D. H. Lawrence: Misogyny as Ideology in His Later Works of Fiction and Nonfiction

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Critics continue to debate Lawrence's attitude toward women: Some say Lawrence is a misogynist, some say he is an egalitarian, and others say he is ambivalent toward women. If Lawrence's works are divided into two chronological periods, before and after 1918, these differences of opinions begin to dissolve. Lawrence is fair in his treatment of women in the earlier works; however, in his later works Lawrence restricts women to what he calls the sensual realm, the realm of feelings and emotions. In addition, Lawrence denounces all women who assert individuality and self-responsibility. In the later works, Lawrence's ideology restricts the ... continued below

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iv, 148 leaves

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Hester, Vicki M. August 1991.

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  • Hester, Vicki M.

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Critics continue to debate Lawrence's attitude toward women: Some say Lawrence is a misogynist, some say he is an egalitarian, and others say he is ambivalent toward women. If Lawrence's works are divided into two chronological periods, before and after 1918, these differences of opinions begin to dissolve. Lawrence is fair in his treatment of women in the earlier works; however, in his later works Lawrence restricts women to what he calls the sensual realm, the realm of feelings and emotions. In addition, Lawrence denounces all women who assert individuality and self-responsibility. In the later works, Lawrence's ideology restricts the role of women and presents male supremacy as the natural and necessary order for human existence.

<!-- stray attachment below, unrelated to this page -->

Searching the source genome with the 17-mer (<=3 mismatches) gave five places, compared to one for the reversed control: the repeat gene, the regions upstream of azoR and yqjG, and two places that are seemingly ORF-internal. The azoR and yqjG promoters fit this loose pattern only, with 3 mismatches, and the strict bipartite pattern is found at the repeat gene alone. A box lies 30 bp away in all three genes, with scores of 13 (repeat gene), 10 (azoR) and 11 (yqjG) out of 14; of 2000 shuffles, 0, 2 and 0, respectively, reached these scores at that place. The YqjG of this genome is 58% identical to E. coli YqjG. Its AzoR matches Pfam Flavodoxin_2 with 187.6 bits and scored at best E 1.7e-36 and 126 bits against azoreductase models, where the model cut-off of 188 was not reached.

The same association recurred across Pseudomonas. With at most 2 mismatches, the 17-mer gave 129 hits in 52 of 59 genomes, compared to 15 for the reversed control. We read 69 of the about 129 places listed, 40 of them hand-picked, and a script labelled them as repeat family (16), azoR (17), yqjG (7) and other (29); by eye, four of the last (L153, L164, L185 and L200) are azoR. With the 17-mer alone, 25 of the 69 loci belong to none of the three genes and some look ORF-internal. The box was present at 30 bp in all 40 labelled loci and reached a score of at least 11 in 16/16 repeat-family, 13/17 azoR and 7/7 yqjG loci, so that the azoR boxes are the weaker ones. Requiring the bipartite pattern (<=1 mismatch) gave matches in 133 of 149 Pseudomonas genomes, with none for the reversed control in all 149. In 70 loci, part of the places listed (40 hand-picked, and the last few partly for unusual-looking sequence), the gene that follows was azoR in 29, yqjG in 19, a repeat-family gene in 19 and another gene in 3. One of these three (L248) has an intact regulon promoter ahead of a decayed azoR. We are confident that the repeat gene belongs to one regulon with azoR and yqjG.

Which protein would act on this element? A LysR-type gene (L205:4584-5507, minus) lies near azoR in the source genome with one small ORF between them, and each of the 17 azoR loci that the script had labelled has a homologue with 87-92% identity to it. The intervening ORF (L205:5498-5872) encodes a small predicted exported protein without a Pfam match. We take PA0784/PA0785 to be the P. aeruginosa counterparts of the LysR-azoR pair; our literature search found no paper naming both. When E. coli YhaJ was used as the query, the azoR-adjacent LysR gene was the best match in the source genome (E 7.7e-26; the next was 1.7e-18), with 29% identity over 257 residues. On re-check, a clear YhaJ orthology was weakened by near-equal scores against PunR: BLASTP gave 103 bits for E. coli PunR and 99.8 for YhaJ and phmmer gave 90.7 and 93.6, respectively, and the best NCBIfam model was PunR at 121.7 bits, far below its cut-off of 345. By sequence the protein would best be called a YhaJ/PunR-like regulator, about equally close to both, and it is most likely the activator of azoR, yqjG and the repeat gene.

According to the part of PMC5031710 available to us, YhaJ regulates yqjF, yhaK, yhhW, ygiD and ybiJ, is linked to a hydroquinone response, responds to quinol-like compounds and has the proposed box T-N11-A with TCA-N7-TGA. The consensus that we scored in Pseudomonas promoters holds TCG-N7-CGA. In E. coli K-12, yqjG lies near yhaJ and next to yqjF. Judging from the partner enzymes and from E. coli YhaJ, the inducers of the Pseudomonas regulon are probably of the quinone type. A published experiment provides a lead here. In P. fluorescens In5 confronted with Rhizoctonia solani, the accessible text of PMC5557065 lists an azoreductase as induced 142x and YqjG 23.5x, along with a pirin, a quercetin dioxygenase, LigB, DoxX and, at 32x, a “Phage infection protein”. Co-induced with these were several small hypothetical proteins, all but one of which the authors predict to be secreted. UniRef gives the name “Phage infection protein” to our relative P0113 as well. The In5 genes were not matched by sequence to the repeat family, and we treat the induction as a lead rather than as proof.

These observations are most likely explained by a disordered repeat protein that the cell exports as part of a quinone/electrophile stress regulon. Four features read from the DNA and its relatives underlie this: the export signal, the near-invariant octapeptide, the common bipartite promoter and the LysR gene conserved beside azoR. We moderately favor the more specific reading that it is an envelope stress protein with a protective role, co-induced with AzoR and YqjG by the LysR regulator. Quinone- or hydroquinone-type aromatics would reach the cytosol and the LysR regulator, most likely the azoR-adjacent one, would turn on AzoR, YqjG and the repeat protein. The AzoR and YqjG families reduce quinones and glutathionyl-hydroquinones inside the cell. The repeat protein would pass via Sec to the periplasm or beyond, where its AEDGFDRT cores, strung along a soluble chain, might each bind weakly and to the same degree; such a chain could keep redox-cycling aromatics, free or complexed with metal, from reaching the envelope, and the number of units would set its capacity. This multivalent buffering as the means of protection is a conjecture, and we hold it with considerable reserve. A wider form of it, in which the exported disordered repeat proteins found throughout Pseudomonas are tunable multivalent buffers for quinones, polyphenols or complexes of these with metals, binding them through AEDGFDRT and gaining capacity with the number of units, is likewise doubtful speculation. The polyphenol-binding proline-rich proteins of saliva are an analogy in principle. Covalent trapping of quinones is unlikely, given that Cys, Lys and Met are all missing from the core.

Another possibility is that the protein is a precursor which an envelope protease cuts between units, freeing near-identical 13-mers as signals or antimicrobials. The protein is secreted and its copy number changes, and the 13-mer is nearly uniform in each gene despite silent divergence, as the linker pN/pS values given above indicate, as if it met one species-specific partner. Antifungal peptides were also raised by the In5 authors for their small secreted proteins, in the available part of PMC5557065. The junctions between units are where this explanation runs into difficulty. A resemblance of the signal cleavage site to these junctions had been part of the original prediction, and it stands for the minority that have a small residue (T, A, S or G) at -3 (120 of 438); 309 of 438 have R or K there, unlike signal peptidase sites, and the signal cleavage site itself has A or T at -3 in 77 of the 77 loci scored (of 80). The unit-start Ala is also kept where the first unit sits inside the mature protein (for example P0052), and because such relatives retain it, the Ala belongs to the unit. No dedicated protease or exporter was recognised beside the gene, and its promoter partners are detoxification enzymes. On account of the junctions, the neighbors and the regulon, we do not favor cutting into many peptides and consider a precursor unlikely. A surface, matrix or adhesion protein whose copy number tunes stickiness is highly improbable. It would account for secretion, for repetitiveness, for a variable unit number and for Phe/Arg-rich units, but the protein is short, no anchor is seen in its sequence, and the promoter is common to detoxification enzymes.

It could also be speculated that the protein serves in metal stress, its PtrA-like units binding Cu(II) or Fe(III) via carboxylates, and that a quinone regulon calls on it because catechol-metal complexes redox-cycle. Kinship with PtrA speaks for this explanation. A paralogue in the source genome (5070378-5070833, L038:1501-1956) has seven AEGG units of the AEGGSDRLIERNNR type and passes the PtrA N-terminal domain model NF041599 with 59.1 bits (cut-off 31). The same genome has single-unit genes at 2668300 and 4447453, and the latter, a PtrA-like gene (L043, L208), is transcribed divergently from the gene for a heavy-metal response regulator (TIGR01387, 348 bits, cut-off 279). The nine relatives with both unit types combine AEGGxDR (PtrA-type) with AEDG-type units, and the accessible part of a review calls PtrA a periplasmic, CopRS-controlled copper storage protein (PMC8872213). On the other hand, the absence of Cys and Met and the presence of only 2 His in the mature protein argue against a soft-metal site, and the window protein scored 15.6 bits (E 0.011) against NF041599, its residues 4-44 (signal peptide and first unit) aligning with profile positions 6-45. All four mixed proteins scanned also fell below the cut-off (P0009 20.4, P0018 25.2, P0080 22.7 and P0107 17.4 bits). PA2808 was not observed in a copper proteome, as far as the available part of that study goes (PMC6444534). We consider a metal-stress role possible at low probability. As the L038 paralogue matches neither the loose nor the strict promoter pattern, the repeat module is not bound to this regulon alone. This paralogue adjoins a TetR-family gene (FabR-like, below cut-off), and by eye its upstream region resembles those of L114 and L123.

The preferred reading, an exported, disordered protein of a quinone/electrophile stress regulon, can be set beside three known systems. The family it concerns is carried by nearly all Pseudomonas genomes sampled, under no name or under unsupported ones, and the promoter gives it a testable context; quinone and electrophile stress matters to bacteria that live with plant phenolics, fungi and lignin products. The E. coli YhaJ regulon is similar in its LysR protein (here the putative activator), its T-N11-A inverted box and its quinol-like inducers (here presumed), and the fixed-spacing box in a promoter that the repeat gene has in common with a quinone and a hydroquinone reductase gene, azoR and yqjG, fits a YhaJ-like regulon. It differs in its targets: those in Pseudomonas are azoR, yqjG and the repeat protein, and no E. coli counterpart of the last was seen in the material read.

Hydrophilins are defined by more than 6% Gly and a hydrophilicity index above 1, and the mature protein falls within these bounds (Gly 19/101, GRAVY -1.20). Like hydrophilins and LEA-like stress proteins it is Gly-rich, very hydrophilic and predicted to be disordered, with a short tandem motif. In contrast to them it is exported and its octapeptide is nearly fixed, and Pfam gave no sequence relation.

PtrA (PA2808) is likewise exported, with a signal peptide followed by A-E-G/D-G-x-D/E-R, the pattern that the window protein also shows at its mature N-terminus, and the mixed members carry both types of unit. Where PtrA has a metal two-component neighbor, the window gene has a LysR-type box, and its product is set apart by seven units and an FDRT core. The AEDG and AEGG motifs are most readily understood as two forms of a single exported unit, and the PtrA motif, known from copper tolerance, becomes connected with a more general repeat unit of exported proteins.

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iv, 148 leaves

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  • August 1991

Added to The UNT Digital Library

  • March 9, 2015, 8:15 a.m.

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  • Sept. 21, 2017, 8:33 a.m.

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Citations, Rights, Re-Use

Hester, Vicki M. D. H. Lawrence: Misogyny as Ideology in His Later Works of Fiction and Nonfiction, thesis, August 1991; Denton, Texas. (digital.library.unt.edu/ark:/67531/metadc500651/: accessed October 17, 2017), University of North Texas Libraries, Digital Library, digital.library.unt.edu; .